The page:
WASHINGTON (Reuters) - The United States on Monday called for restraint by all sides in Pakistan’s political crisis, saying protesters had a right to demonstrate peacefully but that it strongly opposed efforts to impose change through violence and destruction of property,.
“We have been carefully monitoring the demonstrations in Islamabad. We continue to urge all sides to refrain from violence, exercise restraint, and respect the rule of law,” State Department spokeswoman Jen Psaki said, calling for peaceful dialogue.
Protesters led by opposition leaders Imran Khan, a hero cricket player turned politician, and Tahir ul-Qadri, a firebrand cleric, have been on the streets for weeks trying to bring down the government of Prime Minister Nawaz Sharif. Demonstrators clashed with police over the weekend, and three people were killed.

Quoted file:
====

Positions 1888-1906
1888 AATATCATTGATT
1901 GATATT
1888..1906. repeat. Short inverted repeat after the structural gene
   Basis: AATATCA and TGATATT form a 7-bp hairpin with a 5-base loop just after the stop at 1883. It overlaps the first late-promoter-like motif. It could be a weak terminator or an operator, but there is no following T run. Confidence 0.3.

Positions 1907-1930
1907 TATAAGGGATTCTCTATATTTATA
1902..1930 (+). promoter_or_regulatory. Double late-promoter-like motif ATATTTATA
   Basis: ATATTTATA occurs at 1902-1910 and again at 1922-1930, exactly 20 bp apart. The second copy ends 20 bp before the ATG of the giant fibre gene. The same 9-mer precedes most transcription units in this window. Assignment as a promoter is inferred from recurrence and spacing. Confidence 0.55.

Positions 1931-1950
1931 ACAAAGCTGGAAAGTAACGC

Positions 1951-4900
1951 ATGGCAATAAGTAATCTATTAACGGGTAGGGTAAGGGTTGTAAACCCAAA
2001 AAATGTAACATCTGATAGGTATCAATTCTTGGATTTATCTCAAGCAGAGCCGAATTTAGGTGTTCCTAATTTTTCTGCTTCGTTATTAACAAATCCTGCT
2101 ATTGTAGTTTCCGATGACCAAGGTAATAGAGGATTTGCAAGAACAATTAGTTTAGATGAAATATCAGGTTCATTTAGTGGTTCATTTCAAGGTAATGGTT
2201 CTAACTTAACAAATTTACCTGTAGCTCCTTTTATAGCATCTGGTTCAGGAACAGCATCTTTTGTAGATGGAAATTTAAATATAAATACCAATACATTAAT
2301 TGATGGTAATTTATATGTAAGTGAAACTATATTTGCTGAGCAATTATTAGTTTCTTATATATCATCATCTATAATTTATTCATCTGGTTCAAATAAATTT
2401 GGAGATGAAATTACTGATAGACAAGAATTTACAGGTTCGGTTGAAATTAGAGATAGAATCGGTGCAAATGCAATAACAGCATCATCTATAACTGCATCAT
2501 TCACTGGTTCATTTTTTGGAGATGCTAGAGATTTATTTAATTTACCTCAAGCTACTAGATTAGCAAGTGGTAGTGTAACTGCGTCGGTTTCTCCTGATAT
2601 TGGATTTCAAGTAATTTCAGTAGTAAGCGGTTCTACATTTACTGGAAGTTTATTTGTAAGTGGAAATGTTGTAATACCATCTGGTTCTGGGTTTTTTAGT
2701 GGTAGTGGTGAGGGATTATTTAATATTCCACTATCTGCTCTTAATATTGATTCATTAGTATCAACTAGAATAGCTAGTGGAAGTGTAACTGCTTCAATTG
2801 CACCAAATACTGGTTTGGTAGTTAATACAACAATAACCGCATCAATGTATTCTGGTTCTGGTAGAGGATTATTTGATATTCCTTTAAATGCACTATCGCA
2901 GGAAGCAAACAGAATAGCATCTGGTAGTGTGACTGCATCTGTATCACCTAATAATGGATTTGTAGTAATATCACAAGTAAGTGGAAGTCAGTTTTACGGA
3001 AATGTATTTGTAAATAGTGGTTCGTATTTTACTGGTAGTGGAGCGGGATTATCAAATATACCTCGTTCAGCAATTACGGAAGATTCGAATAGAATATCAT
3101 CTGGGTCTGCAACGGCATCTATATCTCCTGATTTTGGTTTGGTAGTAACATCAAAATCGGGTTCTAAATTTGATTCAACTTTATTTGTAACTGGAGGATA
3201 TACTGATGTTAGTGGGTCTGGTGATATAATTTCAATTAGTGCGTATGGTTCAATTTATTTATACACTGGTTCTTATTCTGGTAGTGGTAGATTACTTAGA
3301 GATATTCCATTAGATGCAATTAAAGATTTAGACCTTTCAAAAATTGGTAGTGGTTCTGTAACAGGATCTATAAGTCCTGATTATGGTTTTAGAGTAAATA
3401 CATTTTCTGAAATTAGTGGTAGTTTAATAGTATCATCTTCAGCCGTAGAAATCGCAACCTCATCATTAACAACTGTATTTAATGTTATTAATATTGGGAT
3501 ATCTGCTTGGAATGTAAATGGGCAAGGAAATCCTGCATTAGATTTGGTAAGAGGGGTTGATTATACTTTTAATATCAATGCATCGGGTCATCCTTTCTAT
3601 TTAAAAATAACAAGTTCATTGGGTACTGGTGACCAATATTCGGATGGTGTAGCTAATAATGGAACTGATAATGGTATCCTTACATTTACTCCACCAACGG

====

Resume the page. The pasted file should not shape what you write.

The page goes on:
“Peaceful protest and freedom of expression are important aspects of democracy,” Psaki said in a statement. “ Violence and destruction of private property and government buildings are not acceptable means of resolving political differences, however, and we strongly oppose any efforts to impose extra-constitutional change to the political system.”
Reporting By Matt Spetalnick Editing by W Simon